Written by: Michael Den Boer on November 24th, 2007
Approximate running time: 70 mins
Aspect Ratio: 1.33:1
Director: Patrick Roddy
Producer: Brian McLaughlin, Patrick Roddy, Victoria Westover
Screenplay: Ken Henderson
Cinematography: Patrick Roddy
Cast: Nathan Ginn, Michelle Belegrin, Ted Parks, Josh Marcantel, Angus Scrimm
Synopsis: Lorain convinces a man named Shane who is infatuated with her to invest in her husband Charley’s night club Red 71. Unknown to Shane Lorain is secretly having an affair with a man Del who she fears might cause harm to her husband if he is not kept in check. Everything reaches a fever pitch one evening when Charley is murder and suddenly everyone in town becomes as suspect when the police’s prime suspect is also murdered.
Earlier this year I had a chance to see director Patrick Roddy’s directorial debut Mercy a film which showed great promise of a very talented filmmaker. Roddy return’s in grand style with his second film Red 71 which opens with some beautiful shots of a car driving in the desert while the titles appear across the screen. One thing that immediately grabbed my attention was the superb score for the film which as composed by Friends of Dean Martinez. The score is just subtle enough that it never overplays it hand and like most classic works of cinema it plays an important part in the overall tone and structure of the film.
This time around director Patrick Roddy uses color instead of black & white like he had with Mercy. Visually his style adapts flawlessly from black & white into color. The look of the film is very much like watching a black & white film in color. Roddy’s visual tapestry falls effortlessly into place with Red 71’s dream like pacing and stark compositions. Those who have seen Mercy will be blown away at just how much Patrick Roddy has grown as a filmmaker.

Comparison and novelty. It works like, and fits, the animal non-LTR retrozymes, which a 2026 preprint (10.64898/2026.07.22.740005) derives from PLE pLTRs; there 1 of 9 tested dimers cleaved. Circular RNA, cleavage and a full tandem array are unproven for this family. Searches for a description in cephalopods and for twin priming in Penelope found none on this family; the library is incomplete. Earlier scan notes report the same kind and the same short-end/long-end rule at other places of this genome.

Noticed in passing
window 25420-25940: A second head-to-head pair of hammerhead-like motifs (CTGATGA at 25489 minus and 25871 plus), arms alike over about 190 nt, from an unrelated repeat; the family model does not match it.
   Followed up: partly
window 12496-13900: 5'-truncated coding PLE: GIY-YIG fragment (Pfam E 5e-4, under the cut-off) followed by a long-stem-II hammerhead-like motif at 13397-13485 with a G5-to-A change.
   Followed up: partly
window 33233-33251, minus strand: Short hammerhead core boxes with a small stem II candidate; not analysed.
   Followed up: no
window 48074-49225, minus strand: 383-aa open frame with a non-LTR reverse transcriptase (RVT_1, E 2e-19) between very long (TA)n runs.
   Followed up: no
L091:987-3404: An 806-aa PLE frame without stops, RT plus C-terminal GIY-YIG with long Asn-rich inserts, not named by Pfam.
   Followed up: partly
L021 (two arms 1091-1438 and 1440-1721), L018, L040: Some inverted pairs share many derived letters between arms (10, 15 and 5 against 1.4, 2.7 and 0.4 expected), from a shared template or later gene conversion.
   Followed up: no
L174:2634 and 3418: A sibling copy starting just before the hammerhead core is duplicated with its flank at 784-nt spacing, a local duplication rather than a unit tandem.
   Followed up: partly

Also I think it should be said that the acting in Red 71 is better than 99% of the independent films that I seen to date. Two things I credit to the solid acting in this film Roddy’s direction and the fact that cast is hired professionals and not friends like so many independent filmmakers tend to use. Horror icon actor Angus Scrimm has a brief cameo in the film. Ultimately Red 71 is a cross between Orson Welles “Touch of Evil” and the lost highway’s of David Lynch’s bizarre landscapes.
For more information about Red 71 visit Patrick Roddy’s website here.